New Delhi: The coronavirus has reached the endemic stage after hovering for more than three years, however, the viral load and emergence of any new variant still need to be monitored, said Dr. Rakesh Mishra, director of the Tata Institute for Genetics and Society (TIGS). Dr. Mishra said that the spread of the infection needs to be monitored closely. He said,
Like any common thing, we are now used to this virus, and that’s why the hospital load didn’t increase. It is clear from this surveillance that this wave is now over. We haven’t modelled anything that will happen. This virus is not going to be a major health issue. We still need to keep a watch on the COVID-19 virus through genome sequencing to monitor viral load and any new variants.
The level of infection India has seen recently was more significant than the third wave and would have been a big problem, Dr. Mishra told news agency ANI. He added,
However, it did not happen because of vaccination, or hybrid immunity. Clinically, the virus is more infectious, but clinically less harmful as it affects the body like the common cold.
Last week, the World Health Organisation (WHO) announced that the COVID-19 pandemic was over as a global health emergency.
Detailing as to what is an endemic stage of a virus, Senior Consultant, Pulmonologist at New Delhi’s Sir Ganga Ram Hospital, Dr. Dhiren Gupta, said that any virus that has been consistently present and has become more predictable and manageable, it has reached the endemic stage. He said that the coronavirus pandemic has been there for more than three years, and now it appears to have become endemic in India. Dr. Dhiren said while the cases continue to rise and drop, the hospitalisations have remained low. He further said,
Patients without vaccination were developing moderate to severe forms of the disease until last year. But now, even though new cases are being reported, the share of Indians requiring hospitalisation has decreased. I believe the disease will become endemic because new mutations will keep coming in every season. We need to keep a close watch on the virus in the next three to five years.
Dr. Randeep Guleria, Chairman – Institute of Internal Medicine and Respiratory & Sleep Medicine and Director – Medical Education, Medanta, said that the coronavirus pandemic will reach endemicity. With its evolving strains and variants, COVID-19 will continue to hit the population in regular episodes and such an endemic situation, he said, is always manageable. He further said that India may not witness any other pandemic like the coronavirus.
When we started in 2019, we had no immunity, but a lot has happened in the last few years. We have got immunity naturally, we have even got vaccinated and now the large part of the population has developed a good immune response and immunity against viruses like these.
Talking on whether viruses like COVID-19 will be recurring and are becoming endemic, Dr. Guleria said,
Viruses have been making the comeback for the last 23 years. In fact, the last 23 years have been the century of outbreaks – from SARS, MERS, H1N1, Swine Flu, COVID -19 and Ebola outbreak. One fact we know is that we will continue to see more and more outbreaks in the coming years. The reason is that we are travelling like never before, so we are carrying the virus from one place to another. Secondly, there is lot of encroachment between animals, birds and humans, which is letting viruses jump species. Also, viruses are evolving into human viruses. There is the concept of one health, it is high time now we understand that everyone’s health is interlinked. We just cannot ignore the health of the environment, animals, plants, species and simply look at human health.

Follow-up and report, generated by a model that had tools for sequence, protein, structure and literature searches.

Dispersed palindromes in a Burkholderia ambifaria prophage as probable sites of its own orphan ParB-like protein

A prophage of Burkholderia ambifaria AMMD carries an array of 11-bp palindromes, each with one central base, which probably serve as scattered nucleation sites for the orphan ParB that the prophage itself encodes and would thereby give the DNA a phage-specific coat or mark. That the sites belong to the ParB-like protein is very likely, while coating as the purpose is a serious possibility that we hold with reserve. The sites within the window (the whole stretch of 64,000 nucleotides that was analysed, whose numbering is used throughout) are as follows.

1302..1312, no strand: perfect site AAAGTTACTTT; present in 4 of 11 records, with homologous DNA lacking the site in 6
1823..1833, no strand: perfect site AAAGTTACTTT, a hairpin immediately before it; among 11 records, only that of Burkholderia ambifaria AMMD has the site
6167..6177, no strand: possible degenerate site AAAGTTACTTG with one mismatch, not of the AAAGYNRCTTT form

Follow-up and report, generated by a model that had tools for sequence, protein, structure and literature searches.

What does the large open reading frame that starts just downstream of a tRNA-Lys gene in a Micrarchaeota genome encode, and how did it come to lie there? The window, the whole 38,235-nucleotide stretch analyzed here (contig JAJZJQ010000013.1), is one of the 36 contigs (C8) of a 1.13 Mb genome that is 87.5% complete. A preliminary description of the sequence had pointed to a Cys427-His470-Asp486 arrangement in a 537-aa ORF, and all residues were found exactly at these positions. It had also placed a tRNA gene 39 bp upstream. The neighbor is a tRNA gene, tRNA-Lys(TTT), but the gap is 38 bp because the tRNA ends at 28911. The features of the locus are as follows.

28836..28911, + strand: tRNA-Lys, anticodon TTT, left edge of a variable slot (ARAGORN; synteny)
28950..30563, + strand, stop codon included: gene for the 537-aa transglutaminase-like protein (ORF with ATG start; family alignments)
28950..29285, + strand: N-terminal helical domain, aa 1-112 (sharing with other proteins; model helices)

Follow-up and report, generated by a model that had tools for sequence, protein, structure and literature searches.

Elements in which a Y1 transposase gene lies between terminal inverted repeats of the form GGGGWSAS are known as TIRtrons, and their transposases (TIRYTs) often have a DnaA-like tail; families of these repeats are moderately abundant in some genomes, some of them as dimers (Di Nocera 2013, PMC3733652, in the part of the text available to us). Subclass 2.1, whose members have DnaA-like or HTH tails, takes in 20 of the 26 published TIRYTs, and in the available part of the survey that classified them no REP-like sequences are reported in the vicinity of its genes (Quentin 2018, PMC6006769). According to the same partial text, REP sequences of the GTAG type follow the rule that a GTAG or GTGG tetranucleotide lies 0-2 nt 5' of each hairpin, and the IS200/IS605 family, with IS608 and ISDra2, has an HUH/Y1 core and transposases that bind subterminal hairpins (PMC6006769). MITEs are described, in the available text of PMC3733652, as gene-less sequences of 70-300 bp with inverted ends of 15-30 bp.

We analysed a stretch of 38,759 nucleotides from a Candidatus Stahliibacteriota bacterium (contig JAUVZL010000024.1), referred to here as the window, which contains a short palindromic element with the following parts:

(With inputs from ANI and PTI)
NDTV – Dettol have been working towards a clean and healthy India since 2014 via the Banega Swachh India initiative, which is helmed by Campaign Ambassador Amitabh Bachchan. The campaign aims to highlight the inter-dependency of humans and the environment, and of humans on one another with the focus on One Health, One Planet, One Future – Leaving No One Behind. It stresses on the need to take care of, and consider, everyone’s health in India – especially vulnerable communities – the LGBTQ population, indigenous people, India’s different tribes, ethnic and linguistic minorities, people with disabilities, migrants, geographically remote populations, gender and sexual minorities. In wake of the current COVID-19 pandemic, the need for WASH (Water, Sanitation and Hygiene) is reaffirmed as handwashing is one of the ways to prevent Coronavirus infection and other diseases. The campaign will continue to raise awareness on the same along with focussing on the importance of nutrition and healthcare for women and children, fight malnutrition, mental wellbeing, self care, science and health, adolescent health & gender awareness. Along with the health of people, the campaign has realised the need to also take care of the health of the eco-system. Our environment is fragile due to human activity, which is not only over-exploiting available resources, but also generating immense pollution as a result of using and extracting those resources. The imbalance has also led to immense biodiversity loss that has caused one of the biggest threats to human survival – climate change. It has now been described as a “code red for humanity.” The campaign will continue to cover issues like air pollution, waste management, plastic ban, manual scavenging and sanitation workers and menstrual hygiene. Banega Swasth India will also be taking forward the dream of Swasth Bharat, the campaign feels that only a Swachh or clean India where toilets are used and open defecation free (ODF) status achieved as part of the Swachh Bharat Abhiyan launched by Prime Minister Narendra Modi in 2014, can eradicate diseases like diahorrea and the country can become a Swasth or healthy India.